And those who were seen dancing
were thought to be insane
by those who could not hear the music.
· Frederick Nietsche
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Our mailbox was never much to look at.

When we moved here nine years ago, it was a big green plastic tractor that looked like a toy. It leaked in the rain. The mail space was small. The crazy mail lady was constantly bringing oversize packages up to the house, most of the way. She seems to have an aversion to driving on concrete as she always stops short of the paved part, in the cold, rain, mud or whatever. Then she sits there on her wooden seat cushion and honks her horn impatiently.

Now the paved part is 40' longer. We'll see if she persists with that behavior. We might not hear her horn from that far away, especially if the windows are closed.

It would be great if she would brave driving on the pavement. I run out when she honks, usually in bare feet or slippers. Pavement would be so much nicer to walk on and its a lot closer than the gravel or mud.

It is a banner day. As I was writing this the mail lady drove up onto the driveway to deliver a package. On a warm spring day in this rural setting miles from town, she got out of her car wearing a mask and gloves. She stopped on the pavement as far from the front door as possible but it's a start.

We eventually replaced the plastic tractor mailbox with a large black metal standard-looking mailbox. It mostly put an end to visits by the mail lady, which was a welcome relief.

Unfortunately, we were still using the same old mailbox post. It was skinny, sunbaked, old and shaky.

I replaced its old loose nails with screws. That only took care of the shaky part.

From the moment we started planning the new front fence, I planned a new matching mailbox post. I wanted a stout and unique mailbox that made a statement.

The new post shares the same style as the fence, swing, and bat house, with thick cedar posts, cannonball post caps, square head bolts, and black iron details. Two 6x6 posts set in concrete, with 1/4" thick steel plates at the joints, make it solid and sturdy and it looks it. Now that's a statement!

If you are wondering why there are redundant numbers on each side, here's why.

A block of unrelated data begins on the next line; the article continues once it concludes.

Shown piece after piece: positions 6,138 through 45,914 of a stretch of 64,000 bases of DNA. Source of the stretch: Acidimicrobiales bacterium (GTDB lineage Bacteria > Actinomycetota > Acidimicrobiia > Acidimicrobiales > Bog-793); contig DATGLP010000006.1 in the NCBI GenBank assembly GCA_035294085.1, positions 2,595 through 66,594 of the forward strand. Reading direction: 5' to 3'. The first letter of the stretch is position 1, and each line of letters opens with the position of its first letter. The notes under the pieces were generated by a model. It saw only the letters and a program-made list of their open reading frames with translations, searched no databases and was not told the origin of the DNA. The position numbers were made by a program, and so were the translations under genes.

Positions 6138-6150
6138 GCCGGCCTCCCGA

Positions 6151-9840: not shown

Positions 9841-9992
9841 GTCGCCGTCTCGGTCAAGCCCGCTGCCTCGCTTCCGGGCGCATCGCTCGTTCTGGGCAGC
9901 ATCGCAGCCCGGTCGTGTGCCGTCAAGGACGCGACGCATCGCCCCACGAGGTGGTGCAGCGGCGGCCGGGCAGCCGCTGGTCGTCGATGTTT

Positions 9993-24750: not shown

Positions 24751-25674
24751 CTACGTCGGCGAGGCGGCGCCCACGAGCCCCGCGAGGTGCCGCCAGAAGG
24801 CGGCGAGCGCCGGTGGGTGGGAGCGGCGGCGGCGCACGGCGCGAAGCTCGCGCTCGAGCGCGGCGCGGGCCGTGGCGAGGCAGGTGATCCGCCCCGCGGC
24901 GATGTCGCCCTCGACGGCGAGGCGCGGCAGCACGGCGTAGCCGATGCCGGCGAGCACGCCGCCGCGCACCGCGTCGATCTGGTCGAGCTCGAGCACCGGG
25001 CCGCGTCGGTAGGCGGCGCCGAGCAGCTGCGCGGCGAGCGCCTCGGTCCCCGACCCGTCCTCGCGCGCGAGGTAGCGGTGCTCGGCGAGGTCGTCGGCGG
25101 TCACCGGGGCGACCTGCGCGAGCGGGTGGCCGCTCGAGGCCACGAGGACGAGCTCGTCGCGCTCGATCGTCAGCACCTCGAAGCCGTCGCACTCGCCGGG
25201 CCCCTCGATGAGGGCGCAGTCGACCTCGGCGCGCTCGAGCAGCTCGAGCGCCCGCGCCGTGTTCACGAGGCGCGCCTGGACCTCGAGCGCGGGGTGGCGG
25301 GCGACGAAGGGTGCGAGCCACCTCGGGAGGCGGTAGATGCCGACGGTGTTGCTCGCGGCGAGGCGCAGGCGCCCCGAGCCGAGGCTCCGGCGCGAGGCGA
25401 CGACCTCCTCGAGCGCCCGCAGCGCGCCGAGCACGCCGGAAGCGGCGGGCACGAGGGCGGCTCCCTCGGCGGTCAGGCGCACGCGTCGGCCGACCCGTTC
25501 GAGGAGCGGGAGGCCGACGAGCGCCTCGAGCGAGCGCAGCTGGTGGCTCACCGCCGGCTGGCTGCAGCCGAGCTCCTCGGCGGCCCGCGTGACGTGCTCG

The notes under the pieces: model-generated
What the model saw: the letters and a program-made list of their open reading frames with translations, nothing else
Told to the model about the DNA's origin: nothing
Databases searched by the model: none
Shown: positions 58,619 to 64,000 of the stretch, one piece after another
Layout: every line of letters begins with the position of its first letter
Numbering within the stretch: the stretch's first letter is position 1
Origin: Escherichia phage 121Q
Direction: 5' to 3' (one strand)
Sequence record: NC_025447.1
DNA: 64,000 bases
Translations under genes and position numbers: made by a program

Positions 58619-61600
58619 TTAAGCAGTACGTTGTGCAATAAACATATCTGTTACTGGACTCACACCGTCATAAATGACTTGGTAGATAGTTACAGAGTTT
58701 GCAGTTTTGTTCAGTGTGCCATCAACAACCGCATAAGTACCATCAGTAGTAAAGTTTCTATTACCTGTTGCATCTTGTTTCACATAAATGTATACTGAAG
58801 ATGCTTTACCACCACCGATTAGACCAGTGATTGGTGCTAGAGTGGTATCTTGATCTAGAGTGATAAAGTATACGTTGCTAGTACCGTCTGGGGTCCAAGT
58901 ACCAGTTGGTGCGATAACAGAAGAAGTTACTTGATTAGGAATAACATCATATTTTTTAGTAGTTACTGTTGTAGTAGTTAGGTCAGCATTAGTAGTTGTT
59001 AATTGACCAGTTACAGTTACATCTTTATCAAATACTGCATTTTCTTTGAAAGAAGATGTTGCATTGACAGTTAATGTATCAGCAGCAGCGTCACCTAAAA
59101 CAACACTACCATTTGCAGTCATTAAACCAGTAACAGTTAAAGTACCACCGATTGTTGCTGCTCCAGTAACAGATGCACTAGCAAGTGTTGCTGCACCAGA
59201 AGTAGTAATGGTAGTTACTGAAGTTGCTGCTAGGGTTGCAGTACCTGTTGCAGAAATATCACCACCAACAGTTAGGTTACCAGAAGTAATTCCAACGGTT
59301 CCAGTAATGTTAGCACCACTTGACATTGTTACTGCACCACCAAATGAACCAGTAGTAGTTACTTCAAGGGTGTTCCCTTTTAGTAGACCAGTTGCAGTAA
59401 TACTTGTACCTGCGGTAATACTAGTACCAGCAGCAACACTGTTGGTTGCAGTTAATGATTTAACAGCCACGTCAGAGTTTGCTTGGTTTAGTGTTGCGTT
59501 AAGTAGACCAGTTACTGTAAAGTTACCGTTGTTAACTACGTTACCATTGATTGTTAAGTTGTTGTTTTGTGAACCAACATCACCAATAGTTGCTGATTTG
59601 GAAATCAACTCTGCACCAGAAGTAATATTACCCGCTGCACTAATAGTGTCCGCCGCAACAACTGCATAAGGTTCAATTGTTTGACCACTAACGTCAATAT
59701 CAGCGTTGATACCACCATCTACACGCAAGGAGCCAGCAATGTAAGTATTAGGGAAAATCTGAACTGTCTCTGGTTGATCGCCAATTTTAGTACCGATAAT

The large black numbers on white were placed there by us when we got the mailbox.

The signs, with white numbers on blue, are new. They popped up all over the countryside within the last year. Every mailbox has one. It's kind of weird driving around at night because they are highly reflective, gleaming brightly up to a mile away. Where multiple addresses share a driveway, there is a tall pole with many numbered signs of this type in one or more columns.

The signs seem to be oriented to point toward the side of the road with the address. In our case, the number points east across the road from the post. If our house was on the other side of the road, next to the post, the number would be on the opposite side of the post from where it is now, pointing west.

The blue signs seem to be a government or post office effort to unify all addresses, kind of like when they put street signs at every country road intersection. This uninspired enumeration of all roads gives us monstrosities like the second turn north of here, the intersection of 553rd avenue and 847th road, which is of course one mile east of the intersection of 552nd avenue and 847th road.

This fantastic improvement has not stopped delivery people from dropping our packages at the neighbor's house. To be fair, there is something weird about the numbering of the houses. When they see the neighbor's house number their brain freezes like deer in headlights and they just drop their package because they don't know what else to do.